The Premier League has been missing a truly strong Liverpool side for a long time. Whether you like them or not, the Reds are a huge part of the prestige and tradition of English football. Even if this performance does not spur them to the title, it seals a welcome return to genuine credibility.
Brendan Rodgers's side has had its moments of 'same old' inconsistency this season and it would still be a huge surprise if it actually lifted the trophy come May. But the astonishing viciousness with which Liverpool dismantled Arsenal at Anfield - arguably the best performance of any English team in 2013-14 - showed us yet more glimpses of a seriously excellent team.
Right from the start, Liverpool was at 100 percent, pressing and battling, committing and doubling up. There was nowhere that an Arsenal player could run where two opponents would not follow him.
Would things have been different had Martin Skrtel been called offside at the first-minute free kick from which the Reds opened the scoring? Probably not. In winning the dead ball, Luis Suarez had already displayed the drive which set the tone for the performance and, in giving it away, Per Mertesacker had shown the lack of presence which was then compounded, not caused, by the goal.
And the Reds just kept coming from there. Not one of their front line - Suarez, Daniel Sturridge, Raheem Sterling and Philippe Coutinho - were anything short of superb.
They tore the Mertesacker-Laurent Koscielny axis - previously and deservedly praised - to shreds, while Nacho Monreal fared little better. The Spaniard, picked surprisingly ahead of Kieran Gibbs, was specifically targeted by Suarez and Jordan Henderson, who teamed up time and time again down the Reds' right to great effect.
Only 11 days previously, Rodgers's men had walloped Everton at Anfield. This was a step up from even that but, as the manager said in the build-up to Saturday's game, his men are growing used to domination. They have now obliterated two of the best-organized teams in the Premier League; it looks like they are only now recognizing just how good they could be.
Now appearing almost a lock for at least a Champions League place, the future looks very bright in both the short and long term. Their biggest weakness - defense - was made a non-issue at Anfield by the ferocity of their pressure further up the pitch and, of course, provided the first two goals. But that area will surely be the subject of strengthening in the summer.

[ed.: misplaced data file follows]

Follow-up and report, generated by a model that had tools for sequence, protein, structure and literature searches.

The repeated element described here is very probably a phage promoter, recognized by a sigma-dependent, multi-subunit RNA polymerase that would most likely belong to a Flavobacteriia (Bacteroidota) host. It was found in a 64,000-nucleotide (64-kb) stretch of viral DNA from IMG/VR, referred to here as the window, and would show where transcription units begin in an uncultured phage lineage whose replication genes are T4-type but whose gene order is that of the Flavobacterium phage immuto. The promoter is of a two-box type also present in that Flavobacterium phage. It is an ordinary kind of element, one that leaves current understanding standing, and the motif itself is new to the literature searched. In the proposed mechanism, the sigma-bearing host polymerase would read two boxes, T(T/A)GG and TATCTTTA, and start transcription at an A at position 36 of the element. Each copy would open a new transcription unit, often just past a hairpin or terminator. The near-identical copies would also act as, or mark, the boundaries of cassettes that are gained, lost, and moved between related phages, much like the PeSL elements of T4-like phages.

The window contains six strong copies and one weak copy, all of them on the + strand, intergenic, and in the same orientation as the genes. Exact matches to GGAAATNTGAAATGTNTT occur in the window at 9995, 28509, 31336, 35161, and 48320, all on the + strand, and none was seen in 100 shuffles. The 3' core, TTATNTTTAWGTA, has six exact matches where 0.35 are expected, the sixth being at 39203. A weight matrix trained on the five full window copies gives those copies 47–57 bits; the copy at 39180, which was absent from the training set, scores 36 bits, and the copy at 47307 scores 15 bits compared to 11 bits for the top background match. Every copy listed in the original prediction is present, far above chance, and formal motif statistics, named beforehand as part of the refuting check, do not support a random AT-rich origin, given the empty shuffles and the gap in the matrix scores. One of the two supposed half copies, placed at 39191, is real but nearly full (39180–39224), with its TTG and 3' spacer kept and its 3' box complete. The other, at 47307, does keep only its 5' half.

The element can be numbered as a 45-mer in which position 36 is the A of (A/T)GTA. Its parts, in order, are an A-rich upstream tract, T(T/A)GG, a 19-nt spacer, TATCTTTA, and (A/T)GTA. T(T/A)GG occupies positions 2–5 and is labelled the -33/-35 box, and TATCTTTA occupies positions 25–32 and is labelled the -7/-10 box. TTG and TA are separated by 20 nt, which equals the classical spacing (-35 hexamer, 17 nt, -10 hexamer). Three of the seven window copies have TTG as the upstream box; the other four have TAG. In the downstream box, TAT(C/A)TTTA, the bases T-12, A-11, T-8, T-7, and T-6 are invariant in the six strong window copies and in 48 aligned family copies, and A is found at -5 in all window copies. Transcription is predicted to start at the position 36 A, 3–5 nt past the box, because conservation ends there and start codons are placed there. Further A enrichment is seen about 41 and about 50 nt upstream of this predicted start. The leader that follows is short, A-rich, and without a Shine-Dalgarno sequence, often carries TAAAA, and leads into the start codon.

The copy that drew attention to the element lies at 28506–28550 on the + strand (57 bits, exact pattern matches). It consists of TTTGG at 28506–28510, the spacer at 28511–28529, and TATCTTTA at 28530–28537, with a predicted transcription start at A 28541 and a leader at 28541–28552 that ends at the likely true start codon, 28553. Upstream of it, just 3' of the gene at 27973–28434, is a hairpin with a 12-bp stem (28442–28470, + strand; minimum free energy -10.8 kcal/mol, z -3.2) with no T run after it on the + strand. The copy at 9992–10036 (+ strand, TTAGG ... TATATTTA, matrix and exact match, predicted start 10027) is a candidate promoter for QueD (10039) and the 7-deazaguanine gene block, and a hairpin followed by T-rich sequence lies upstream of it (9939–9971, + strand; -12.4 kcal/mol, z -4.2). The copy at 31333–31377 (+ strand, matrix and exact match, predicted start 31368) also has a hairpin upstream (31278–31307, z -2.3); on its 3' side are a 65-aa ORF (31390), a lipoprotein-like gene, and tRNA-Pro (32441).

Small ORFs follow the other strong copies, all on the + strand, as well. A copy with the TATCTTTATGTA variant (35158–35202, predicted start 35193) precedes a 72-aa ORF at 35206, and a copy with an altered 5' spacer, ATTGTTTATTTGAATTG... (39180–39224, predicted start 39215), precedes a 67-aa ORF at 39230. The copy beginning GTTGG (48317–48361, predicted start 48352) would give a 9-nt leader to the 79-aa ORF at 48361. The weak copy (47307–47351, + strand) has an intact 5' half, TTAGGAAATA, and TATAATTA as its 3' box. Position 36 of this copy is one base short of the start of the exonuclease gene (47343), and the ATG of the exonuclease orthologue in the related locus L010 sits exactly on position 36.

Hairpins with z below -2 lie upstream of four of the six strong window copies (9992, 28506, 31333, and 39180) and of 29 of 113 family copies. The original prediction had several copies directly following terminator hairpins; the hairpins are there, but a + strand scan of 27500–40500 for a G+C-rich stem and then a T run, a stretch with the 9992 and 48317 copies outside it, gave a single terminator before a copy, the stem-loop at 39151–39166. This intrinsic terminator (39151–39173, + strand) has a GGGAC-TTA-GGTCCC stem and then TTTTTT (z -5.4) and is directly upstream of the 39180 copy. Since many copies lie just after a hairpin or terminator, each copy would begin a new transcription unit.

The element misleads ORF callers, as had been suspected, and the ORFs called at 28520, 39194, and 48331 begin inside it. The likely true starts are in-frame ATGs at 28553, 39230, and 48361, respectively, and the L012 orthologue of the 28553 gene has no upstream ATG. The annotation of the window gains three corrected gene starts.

Meanwhile, in midfield and attack, the average age of those who started on Saturday was just 24.5, a figure dragged upwards by Steven Gerrard, who had one of the better games of his recent twilight as he bossed a Mathieu Flamini-less Arsenal engine room.
There is so much potential for that forward line to stay together and improve. Strength in depth is the main necessity but we know from both the Reds' failed January move for Yevhen Konoplyanka, as well as Rodgers's blooding of youngsters like Jordon Ibe, that such things are being actively pursued.
A vast crop of youth, reasonable owners, a likely-looking return to the riches and pulling power of the Champions League, plus a redeveloped stadium on its way in two or three years mean that these extraordinary performances may well represent the long-awaited reawakening of a genuine footballing giant.
There is, of course, plenty of work yet to do – with every waking-up comes a groggy fumble to get out of bed and the Reds were under-par as they drew with West Brom in their previous game. Theirs is a thin squad with definite vulnerabilities but, as his complete out-thinking of Arsene Wenger shows, Rodgers is the man to oversee its improvement.
For now, Liverpool fans can simply enjoy watching more and more flashes of some of the best football to have graced Anfield in 10, 20, perhaps even 30 years. With Chelsea and Manchester City still to visit, they will have a huge say in the Premier League title race one way or another.
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